Considerations when using online questioning and discussion

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Time factors for students and instructor

Remember that out-of-class assignments involve time commitments from you and your students. Therefore, it's a good idea to carefully consider who will be doing what and how long it will take.

One very good method for clearly envisioning expectations throughout the course is to make a chart with a time line for the semester with columns on the chart indicating in-class and out-of-class assignments and the time expectations for you and your students. Also, this method allows you to see how your assignments are distributed throughout the course.

Some students tend to procrastinate, so make them aware of deadlines and grade dependence. For example, as part of an assignment, students could be required to make two responses a week.

Managing the discussion

Some management tips are:

  • Praise students for high quality responses via e-mail, to the discussion group, or directly to the student. Acknowledge students by name. (See the section "Responding and Facilitating.")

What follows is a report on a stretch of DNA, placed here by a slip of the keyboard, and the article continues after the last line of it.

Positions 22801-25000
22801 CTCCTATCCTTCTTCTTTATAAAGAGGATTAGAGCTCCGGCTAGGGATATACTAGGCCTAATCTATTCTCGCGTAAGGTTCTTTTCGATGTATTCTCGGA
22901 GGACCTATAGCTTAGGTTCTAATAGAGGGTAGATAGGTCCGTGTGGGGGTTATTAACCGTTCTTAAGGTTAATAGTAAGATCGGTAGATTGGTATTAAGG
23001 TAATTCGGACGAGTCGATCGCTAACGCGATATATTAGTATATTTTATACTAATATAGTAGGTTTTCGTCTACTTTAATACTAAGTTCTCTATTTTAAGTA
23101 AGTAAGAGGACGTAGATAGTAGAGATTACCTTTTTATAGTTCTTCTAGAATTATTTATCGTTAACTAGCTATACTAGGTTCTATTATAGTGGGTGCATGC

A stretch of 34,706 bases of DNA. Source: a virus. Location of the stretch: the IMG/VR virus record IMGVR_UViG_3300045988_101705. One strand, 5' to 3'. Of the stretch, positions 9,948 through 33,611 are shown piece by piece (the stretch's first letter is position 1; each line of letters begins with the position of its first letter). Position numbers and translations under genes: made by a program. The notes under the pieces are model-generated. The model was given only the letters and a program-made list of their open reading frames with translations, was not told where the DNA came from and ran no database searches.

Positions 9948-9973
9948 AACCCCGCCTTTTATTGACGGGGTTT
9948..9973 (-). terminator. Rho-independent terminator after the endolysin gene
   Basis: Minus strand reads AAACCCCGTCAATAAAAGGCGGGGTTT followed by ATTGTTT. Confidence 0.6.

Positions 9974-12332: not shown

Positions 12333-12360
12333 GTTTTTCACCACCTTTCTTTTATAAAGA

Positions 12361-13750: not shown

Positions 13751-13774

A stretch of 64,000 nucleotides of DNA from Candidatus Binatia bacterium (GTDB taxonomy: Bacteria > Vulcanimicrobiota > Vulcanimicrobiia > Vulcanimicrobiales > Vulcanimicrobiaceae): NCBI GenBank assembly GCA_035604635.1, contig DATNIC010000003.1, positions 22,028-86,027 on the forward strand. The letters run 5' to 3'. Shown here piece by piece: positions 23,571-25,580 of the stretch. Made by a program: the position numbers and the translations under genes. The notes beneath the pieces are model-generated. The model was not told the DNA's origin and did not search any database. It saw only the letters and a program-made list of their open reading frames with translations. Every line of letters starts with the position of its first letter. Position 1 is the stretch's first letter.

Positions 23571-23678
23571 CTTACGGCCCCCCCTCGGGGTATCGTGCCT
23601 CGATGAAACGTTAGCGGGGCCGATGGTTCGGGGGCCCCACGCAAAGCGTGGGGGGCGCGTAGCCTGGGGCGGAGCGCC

• Structure some assignments so that all students must be online during the same day-long or two-day time period (not necessarily asynchronous). This helps the discussion to remain current.
  • Be sure to relate class work to online discussions and interactions. Make sure the discussion is essential to help learners achieve course goals.
  • Build into your questions some guidelines to help formulate student responses (e.g., ask the learners to explain their reasoning or position and provide examples).


Differences between online discussions and face-to-face discussions
  • Online discussions are primarily text-based. Discussions may lack immediate responses and significant points may be lost because of lack of vocal emphasis or body language.
  • Allow time for reading and responding to discussion threads.
  • Make clear the response or turnaround time for discussion and collaboration.
Knowledge of/learning the tool/technology
  • Make sure students have access to the tool before the assignment starts. This allows you to avoid problems after discussions have started.
  • Allow for an easy, very basic introductory assignment to prepare the students for future discussions. This could be a simple introduction and/or posting.
  • Have resources available for students who may like documentation/explanation of the tool.


Student teams
  • Establish teams and allow students to work together to post a final revised response. This results in fewer messages for you to read.
  • Consider size and number of teams. Try to have no more than seven students on a team.
  • Create clear guidelines for collaborating online and working in teams.


Contact among class members

Online discussions allow for various types of contact:

  • Professor to students
  • Students to students
  • Students to professor